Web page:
WHO illicit tobacco protocol closer as India gets on board

India’s government has said it plans to ratify a World Health Organization (WHO) protocol aimed at tackling the illicit trade in tobacco products.

The Protocol to Eliminate Illicit Trade in Tobacco Products provides tools for preventing and controlling illicit trade by securing the supply chain, including by establishing an international tracking and tracing system, through dissuasive law enforcement measures and a suite of measures to enable international cooperation. India’s Union Cabinet gave the go-ahead to the ratification of the protocol at a meeting yesterday.

WHO director-general Dr Tedros Adhanom Ghebreyesus told the 17th World Conference on Tobacco or Health (WCTOH) in March that the illicit trade of tobacco products “creates a shadowy market that not only destroys health, but also fuels organized crime and deprives governments of tax revenues.”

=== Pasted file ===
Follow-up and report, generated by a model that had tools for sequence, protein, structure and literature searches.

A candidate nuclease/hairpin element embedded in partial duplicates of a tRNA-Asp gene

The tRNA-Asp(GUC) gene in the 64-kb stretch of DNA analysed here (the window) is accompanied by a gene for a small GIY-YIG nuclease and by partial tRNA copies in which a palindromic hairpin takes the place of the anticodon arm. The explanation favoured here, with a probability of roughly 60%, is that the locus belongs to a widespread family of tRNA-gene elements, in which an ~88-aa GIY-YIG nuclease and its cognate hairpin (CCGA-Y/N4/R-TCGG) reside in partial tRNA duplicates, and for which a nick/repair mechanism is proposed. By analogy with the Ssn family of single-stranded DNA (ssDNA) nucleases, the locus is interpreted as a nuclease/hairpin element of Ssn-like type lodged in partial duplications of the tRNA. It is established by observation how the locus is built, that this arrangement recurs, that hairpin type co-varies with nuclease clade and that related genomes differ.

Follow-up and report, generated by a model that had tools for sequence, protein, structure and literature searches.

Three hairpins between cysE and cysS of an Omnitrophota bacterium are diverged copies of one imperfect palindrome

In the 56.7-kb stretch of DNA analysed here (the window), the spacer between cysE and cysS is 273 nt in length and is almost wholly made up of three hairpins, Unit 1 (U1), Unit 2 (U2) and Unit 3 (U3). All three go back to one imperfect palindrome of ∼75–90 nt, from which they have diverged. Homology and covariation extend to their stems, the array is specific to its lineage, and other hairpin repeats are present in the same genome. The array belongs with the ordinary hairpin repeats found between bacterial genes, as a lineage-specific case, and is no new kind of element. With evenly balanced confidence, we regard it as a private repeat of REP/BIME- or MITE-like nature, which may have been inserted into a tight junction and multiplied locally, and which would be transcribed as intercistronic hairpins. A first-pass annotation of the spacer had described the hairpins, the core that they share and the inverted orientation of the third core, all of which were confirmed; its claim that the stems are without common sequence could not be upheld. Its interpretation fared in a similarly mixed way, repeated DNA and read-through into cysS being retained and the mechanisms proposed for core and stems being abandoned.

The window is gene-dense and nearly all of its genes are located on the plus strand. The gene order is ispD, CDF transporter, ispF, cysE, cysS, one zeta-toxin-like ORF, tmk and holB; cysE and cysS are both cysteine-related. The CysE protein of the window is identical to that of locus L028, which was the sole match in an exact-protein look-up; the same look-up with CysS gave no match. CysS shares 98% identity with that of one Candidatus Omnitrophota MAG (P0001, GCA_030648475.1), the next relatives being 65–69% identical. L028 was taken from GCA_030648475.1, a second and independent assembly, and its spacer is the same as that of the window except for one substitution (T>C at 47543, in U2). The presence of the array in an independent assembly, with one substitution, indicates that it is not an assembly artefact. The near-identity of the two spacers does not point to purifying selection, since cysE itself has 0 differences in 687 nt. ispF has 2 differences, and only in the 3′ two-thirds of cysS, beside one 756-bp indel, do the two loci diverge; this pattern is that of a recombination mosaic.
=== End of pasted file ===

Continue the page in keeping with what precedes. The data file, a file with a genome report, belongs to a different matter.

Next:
At the time, he said 34 countries (including the EU as a bloc) had become parties to the protocol out of the 40 needed to bring it into force. He urged six more countries to ratify it by the July 2 this year in order to allow it to come into force.

If that occurs, the first session of the Meeting of the Parties to the Protocol will be convened October 8-10, directly after the Conference of the Parties to the WHO Framework Convention on Tobacco Control (FCTC). Togo and Turkey have since done so, bringing the latest tally to 36, and India will make it 37 – just a whisker away from crossing the threshold.

Estimates put the extent of the illicit trade globally at around 12 per cent of total consumption, although this can vary between countries with just 1 per cent in some to 40–50 per cent in others. The trade is estimated to cost around $40.5bn in lost revenues per year and – is curbed – could avoid 164,000 premature deaths.

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